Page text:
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Another Country

Author: Scott Herring
Publisher: NYU Press
ISBN: 9780814773079
Size: 70.59 MB
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The metropolis has been the near exclusive focus of queer scholars and queer cultures in America. Asking us to look beyond the cities on the coasts, Scott Herring draws a new map, tracking how rural queers have responded to this myopic mindset. Interweaving a wide range of disciplines—art, media, literature, performance, and fashion studies—he develops an extended critique of how metronormativity saturates LGBTQ politics, artwork, and criticism. To counter this ideal, he offers a vibrant theory of queer anti-urbanism that refuses to dismiss the rural as a cultural backwater. Impassioned and provocative, Another Country expands the possibilities of queer studies beyond its city limits. Herring leads his readers from faeries in the rural Midwest to photographs of white supremacists in the deep South, from Roland Barthes’s obsession with Parisian fashion to a graphic memoir by Alison Bechdel set in the Appalachian Mountains, and from cubist paintings in Lancaster County to lesbian separatist communes on the northern California coast. The result is an entirely original account of how queer studies can—and should—get to another country.

Not Gay

Author: Jane Ward
Publisher: NYU Press
ISBN: 147989897X
Size: 23.50 MB
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A straight white girl can kiss a girl, like it, and still call herself straight—her boyfriend may even encourage her. But can straight white guys experience the same easy sexual fluidity, or would kissing a guy just mean that they are really gay? Not Gay thrusts deep into a world where straight guy-on-guy action is not a myth but a reality: there’s fraternity and military hazing rituals, where new recruits are made to grab each other’s penises and stick fingers up their fellow members’ anuses; online personal ads, where straight men seek other straight men to masturbate with; and, last but not least, the long and clandestine history of straight men frequenting public restrooms for sexual encounters with other men. For Jane Ward, these sexual practices reveal a unique social space where straight white men can—and do—have sex with other straight white men; in fact, she argues, to do so reaffirms rather than challenges their gender and racial identity. Ward illustrates that sex between straight white men allows them to leverage whiteness and masculinity to authenticate their heterosexuality in the context of sex with men. By understanding their same-sex sexual practice as meaningless, accidental, or even necessary, straight white men can perform homosexual contact in heterosexual ways. These sex acts are not slippages into a queer way of being or expressions of a desired but unarticulated gay identity. Instead, Ward argues, they reveal the fluidity and complexity that characterizes all human sexual desire. In the end, Ward’s analysis offers a new way to think about heterosexuality—not as the opposite or absence of homosexuality, but as its own unique mode of engaging in homosexual sex, a mode characterized by pretense, dis-identification and racial and heterosexual privilege. Daring, insightful, and brimming with wit, Not Gay is a fascinating new take on the complexities of heterosexuality in the modern era.

Relocations

Author: Karen Tongson
Publisher: NYU Press
ISBN: 0814784089
Size: 48.16 MB
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What queer lives, loves and possibilities teem within suburbia’s little boxes? Moving beyond the imbedded urban/rural binary, Relocations offers the first major queer cultural study of sexuality, race and representation in the suburbs. Focusing on the region humorists have referred to as “Lesser Los Angeles”—a global prototype for sprawl—Karen Tongson weaves through suburbia’s “nowhere”spaces to survey our spatial imaginaries: the aesthetic, creative and popular materials of the new suburbia. Across southern California’s freeways, beneath its overpasses and just beyond its winding cloverleaf interchanges, Tongson explores the improvisational archives of queer suburban sociability, from multimedia artist Lynne Chan’s JJ Chinois projects and the amusement park night-clubs of 1980s Orange County to the imperial legacies of the region known as the Inland Empire. By taking a hard look at the cosmopolitanism historically considered de rigeur for queer subjects, while engaging with the so-called “New Suburbanism” that has captivated the national imaginary in everything from lifestyle trends to electoral politics, Relocations radically revises our sense of where to see and feel queer of color sociability, politics and desire.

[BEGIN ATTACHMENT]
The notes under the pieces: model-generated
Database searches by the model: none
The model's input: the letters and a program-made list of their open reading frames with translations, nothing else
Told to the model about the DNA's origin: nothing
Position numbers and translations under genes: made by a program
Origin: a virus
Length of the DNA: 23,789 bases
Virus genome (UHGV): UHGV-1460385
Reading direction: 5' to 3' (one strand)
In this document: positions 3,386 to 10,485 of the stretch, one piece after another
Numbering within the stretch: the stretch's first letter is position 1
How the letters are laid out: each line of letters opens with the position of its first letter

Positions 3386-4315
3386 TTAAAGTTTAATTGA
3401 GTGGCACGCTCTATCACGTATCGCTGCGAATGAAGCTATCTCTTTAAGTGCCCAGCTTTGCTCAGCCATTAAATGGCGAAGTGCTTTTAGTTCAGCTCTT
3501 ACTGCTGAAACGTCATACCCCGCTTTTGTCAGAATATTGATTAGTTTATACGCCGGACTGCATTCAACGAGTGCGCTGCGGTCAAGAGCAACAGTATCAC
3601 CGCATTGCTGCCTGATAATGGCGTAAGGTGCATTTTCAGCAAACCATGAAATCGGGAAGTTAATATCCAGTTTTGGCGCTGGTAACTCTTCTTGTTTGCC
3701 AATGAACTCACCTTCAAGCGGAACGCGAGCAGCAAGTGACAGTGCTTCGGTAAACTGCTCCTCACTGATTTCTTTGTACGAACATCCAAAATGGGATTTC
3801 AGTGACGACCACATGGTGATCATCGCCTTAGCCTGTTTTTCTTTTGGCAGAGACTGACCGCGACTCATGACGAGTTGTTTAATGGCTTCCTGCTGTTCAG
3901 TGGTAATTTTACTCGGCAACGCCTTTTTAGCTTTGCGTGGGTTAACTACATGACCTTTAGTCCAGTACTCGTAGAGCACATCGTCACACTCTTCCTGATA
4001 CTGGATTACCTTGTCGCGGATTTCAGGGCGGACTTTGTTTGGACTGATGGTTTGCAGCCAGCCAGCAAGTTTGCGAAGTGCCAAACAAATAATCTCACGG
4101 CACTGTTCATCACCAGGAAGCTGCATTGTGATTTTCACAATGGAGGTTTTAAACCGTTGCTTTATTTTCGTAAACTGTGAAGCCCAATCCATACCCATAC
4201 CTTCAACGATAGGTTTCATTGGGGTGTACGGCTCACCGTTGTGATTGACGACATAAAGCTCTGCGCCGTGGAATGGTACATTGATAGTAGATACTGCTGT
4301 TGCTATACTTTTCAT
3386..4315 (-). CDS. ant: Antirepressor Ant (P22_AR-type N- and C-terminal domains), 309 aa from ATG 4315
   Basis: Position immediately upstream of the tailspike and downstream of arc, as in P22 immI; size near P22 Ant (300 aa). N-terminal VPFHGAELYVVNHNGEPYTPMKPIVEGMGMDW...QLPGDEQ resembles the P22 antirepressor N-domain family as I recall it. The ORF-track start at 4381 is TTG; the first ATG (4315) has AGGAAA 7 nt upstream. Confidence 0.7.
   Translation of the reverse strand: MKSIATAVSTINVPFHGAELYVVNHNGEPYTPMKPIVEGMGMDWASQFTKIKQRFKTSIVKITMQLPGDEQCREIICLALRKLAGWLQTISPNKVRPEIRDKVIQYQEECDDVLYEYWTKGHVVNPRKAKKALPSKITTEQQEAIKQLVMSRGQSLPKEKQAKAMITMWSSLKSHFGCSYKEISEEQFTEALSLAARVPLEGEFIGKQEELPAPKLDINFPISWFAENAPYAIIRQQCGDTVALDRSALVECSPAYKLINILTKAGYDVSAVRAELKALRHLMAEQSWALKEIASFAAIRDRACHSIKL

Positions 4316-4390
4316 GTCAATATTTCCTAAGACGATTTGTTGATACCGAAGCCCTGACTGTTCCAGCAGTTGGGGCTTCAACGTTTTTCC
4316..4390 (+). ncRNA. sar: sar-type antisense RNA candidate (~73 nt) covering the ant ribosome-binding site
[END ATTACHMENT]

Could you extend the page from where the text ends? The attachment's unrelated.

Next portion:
The Delectable Negro

Author: Vincent Woodard
Publisher: NYU Press
ISBN: 147984926X
Size: 44.96 MB
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Winner of the 2015 LGBT Studies award presented by the Lambda Literary Foundation Scholars of US and transatlantic slavery have largely ignored or dismissed accusations that Black Americans were cannibalized. Vincent Woodard takes the enslaved person’s claims of human consumption seriously, focusing on both the literal starvation of the slave and the tropes of cannibalism on the part of the slaveholder, and further draws attention to the ways in which Blacks experienced their consumption as a fundamentally homoerotic occurrence. The Delectable Negro explores these connections between homoeroticism, cannibalism, and cultures of consumption in the context of American literature and US slave culture. Utilizing many staples of African American literature and culture, such as the slave narratives of OlaudahEquiano, Harriet Jacobs, and Frederick Douglass, as well as other less circulated materials like James L. Smith’s slave narrative, runaway slave advertisements, and numerous articles from Black newspapers published in the nineteenth century, Woodard traces the racial assumptions, political aspirations, gender codes, and philosophical frameworks that dictated both European and white American arousal towards Black males and hunger for Black male flesh. Woodard uses these texts to unpack how slaves struggled not only against social consumption, but also against endemic mechanisms of starvation and hunger designed to break them. He concludes with an examination of the controversial chain gang oral sex scene in Toni Morrison’s Beloved, suggesting that even at the end of the twentieth and beginning of the twenty-first century, we are still at a loss for language with which to describe Black male hunger within a plantation culture of consumption.